Looking round upon the pitiful shams who now minister n so many of our churches, will it be believed that every one of them has given his full assent and consent to this Article of the Church? What! The puppet who struts amongst his flowers and incense, clad in cope and chasuble, and albe and almuce, bearing on his left arm the mystic maniple, wearing at his back some sweet thing in sacramental millinery, bowing and whining before his candlesticks, exalting everything that is unnecessary to salvation, and ignoring all that is essential, requiring to be believed as an article of faith all the fripperies of his “foolish” creed, and ignorantly silent on all that relates to the common salvation ?

Yes. He who has made so pitiful a shipwreck of faith, once believed, or thought he believed, or with a lie in his right hand signed his declaration of belief, in the sufficiency of Scripture. The very thought is painful, and the more painful because too true. There are not wanting those who sympathize with the author of “The History of My Religious

HOMILETIC GLANCE AT THE ACTS OF THE APOSTLES.

67

Experience,” and follow with interest the downward steps of John Henry Newman, and others of his school, groping, as they think honestly, though vainly, after Truth, and, in all earnestness and sincerity, crying, like children, for the light. But the story of the Galatian Church throws much light upon the mystery of such a fruitless “ feeling after God” by those who have been once enlightened, but, in the restlessness of an unchastened spirit, have sought to be wise above that which was written. Paul agonizes for the reconversion of those gropers in the dark, who could wilfully leave their first love ; and, had he lived in our own day, would have told us, with tears, how hard a thing it was for these lapsed priests of the Anglican community to recover their firm footing on the Rock of Ages. For the promise is not to those who, having found the right way, desire some other, but to those who, with all the love and trust of little children, commit the keeping of their souls at once and altogether to God, as unto a Faithful Creator.

DOUGLAS ALLPORT.

1 Homiletic Glance at the Acts of the

Apostles.

Able expositions of the ACTS OF THE APOSTLES, describing the manners, customs, and localities described by the inspired writers ; also interpreting their words, and harmonizing their formal discrepancies, are, happily, not wanting amongst us. But the eduction of its WIDEST truths and highest suggestions is still a felt desideratum. To some attempt at the work we devote these pages. We gratefully avail ourselves of all exegetical helps within our reach; but to occupy our limited space with any lengthened archæological, geographical, or philological remarks, would be to miss ou aim; which is not to make bare the mechanical process of the study of Scripture, bat to reveal its spiritual results.

SUBJECT : Paul's final visit to Jerusalem. "And when we were come to Jerusalem, the brethren received us gladly. And the day following Paul went in with us unto James ; and all the elders were present. And when he had saluted them, he declared particularly what things God had wrought among the Gen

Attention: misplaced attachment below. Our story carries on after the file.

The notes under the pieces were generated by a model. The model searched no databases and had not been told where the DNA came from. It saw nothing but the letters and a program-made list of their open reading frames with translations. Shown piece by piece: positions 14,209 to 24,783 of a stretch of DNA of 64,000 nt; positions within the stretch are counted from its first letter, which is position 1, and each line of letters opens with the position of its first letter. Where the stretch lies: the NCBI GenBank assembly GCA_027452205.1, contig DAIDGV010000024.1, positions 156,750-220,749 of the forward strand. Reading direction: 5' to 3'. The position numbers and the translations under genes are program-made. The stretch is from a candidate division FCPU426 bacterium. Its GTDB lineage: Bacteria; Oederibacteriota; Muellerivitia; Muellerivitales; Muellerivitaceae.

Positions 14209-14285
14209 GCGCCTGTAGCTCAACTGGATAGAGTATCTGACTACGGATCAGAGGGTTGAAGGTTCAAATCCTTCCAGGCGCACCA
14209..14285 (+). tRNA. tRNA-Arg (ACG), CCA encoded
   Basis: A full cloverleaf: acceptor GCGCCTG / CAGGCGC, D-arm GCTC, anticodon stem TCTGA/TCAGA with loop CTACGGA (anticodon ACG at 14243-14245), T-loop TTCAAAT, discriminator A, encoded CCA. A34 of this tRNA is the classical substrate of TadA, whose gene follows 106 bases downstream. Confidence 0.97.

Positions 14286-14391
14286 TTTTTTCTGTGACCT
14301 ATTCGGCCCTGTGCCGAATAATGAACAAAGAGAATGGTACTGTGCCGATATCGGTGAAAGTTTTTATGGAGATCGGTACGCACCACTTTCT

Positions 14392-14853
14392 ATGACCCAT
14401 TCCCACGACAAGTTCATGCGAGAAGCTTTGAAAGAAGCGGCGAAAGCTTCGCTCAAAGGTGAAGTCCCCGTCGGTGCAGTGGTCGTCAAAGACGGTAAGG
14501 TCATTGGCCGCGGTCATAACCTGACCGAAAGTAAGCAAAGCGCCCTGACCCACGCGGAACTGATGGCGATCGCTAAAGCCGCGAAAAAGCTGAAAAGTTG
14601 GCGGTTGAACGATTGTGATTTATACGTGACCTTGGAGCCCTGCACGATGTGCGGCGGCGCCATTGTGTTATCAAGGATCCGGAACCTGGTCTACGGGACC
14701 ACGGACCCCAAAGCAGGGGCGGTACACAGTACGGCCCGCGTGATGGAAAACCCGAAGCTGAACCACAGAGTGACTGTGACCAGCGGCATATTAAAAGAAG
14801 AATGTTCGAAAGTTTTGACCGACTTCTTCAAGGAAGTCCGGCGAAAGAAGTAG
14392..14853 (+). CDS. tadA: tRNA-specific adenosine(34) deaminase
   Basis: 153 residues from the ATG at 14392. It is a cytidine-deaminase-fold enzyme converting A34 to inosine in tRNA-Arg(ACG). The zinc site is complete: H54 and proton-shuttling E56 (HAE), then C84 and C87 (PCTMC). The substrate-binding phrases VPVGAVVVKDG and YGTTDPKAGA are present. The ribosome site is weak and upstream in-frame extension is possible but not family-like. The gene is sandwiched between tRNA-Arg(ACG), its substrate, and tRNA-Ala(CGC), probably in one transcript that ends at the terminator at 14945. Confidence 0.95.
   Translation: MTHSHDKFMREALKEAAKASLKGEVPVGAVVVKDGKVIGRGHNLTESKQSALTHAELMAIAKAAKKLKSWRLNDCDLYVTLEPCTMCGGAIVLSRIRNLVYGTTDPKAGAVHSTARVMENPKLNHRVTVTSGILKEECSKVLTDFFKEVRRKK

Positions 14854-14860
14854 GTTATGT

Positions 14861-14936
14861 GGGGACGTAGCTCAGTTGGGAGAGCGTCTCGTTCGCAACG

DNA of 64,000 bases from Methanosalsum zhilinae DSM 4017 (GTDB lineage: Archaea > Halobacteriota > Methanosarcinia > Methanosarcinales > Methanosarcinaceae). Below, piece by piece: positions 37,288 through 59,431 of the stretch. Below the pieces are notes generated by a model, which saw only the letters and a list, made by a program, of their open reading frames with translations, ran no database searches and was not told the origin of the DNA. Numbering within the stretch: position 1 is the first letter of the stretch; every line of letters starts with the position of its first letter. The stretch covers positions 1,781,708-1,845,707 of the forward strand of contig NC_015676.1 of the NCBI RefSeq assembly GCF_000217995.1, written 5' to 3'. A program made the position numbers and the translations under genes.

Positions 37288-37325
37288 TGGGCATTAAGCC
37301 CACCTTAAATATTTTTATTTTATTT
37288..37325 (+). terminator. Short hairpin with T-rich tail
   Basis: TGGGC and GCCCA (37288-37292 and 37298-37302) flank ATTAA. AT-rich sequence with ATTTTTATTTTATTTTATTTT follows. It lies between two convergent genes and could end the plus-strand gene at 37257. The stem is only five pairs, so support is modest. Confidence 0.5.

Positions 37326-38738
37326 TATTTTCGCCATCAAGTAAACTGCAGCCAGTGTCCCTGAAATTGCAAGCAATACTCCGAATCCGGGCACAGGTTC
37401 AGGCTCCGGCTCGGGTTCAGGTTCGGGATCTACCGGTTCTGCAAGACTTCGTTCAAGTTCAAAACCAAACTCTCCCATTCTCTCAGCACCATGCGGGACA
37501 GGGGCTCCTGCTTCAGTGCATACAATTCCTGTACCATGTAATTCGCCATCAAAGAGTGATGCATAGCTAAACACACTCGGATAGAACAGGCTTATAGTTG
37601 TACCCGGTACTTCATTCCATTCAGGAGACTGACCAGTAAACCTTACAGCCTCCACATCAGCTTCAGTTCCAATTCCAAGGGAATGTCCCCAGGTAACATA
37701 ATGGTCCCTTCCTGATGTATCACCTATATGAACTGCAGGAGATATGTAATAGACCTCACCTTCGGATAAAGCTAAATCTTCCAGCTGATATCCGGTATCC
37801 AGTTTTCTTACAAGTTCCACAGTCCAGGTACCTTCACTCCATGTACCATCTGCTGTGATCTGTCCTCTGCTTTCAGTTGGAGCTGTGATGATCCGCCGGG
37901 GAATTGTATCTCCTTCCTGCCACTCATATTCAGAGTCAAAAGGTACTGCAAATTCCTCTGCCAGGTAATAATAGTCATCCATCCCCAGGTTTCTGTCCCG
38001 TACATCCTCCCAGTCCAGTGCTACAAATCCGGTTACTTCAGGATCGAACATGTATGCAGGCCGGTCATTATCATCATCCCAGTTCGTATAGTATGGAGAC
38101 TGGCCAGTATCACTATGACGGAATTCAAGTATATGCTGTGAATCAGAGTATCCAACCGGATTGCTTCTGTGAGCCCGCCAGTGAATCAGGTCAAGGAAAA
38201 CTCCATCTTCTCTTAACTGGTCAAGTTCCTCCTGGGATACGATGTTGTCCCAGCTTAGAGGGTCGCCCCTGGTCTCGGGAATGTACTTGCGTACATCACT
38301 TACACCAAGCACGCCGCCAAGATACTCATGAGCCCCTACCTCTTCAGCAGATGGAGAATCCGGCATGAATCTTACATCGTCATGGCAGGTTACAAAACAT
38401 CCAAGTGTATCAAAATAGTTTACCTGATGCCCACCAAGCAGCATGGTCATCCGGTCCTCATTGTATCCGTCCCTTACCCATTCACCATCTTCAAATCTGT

tiles by his ministry. And when they heard it, they glorified the Lord, and said unto him, Thou seest, brother, how many thousands of Jews there are which believe; and they are all zealous of the law; and they are informed of thee, that thou teachest all the Jews which are among the Gentiles to forsake Moses, saying that they ought not to circumcise their children, nor to walk after the customs. Wbat is it therefore ? the multitude must needs come together: for they will hear that thou art come. Do therefore this that we say to thee: We have four men which have a vow on them; them take, and purify thyself with them, and be at charges with them, that they may shave their heads : and all may know that those things, whereof they were informed concerning thee, are nothing; but that thou thyself also walkest orderly, and keepest the law. As touching the Gentiles which believe, we have written and concluded that they observe no such thing, save only that they keep themselves from things offered to idols, and from blood, and from strangled, and from fornication. Then Paul took the men, and the next day purifying himself with them entered into the temple, to signify the accomplishment of the days of purification, until that an offering should be offered for every one of them."-Acts xxi. 17-26.

ERE we have an account of Paul's fifth and final visit

to Jerusalem, the metropolis of Judea, and the mother Church of Christendom. His previous four visits have occupied our attention, and are elsewhere recorded (Chapters ix. 26; xi. 30 ; xv. 4; xviii. 21, 22). The verses now under consideration reveal to us the treatment he met with in the holy city by the evangelical Christians, the ritualistic Jews, and the Roman authority.

BY

THE

I. HIS TREATMENT

EVANGELICAL CHRISTIANS. (1.) They welcomed him. “ And when we were come to Jerusalem, the brethren received us gladly.The word “weincludes Paul, Luke the historian, and those seven mentioned in the fourth verse of the preceding chapter. Thebrethren" includes those Christian believers whom they met immediately on their arrival ; these, we are told, received Paul and his companions gladly." They rejoiced in their advent, as fellow believers in the Messiahship of Christ, and as the representatives of Gentile Christianity, and as the bearers of charitable contributions from distant churches to relieve those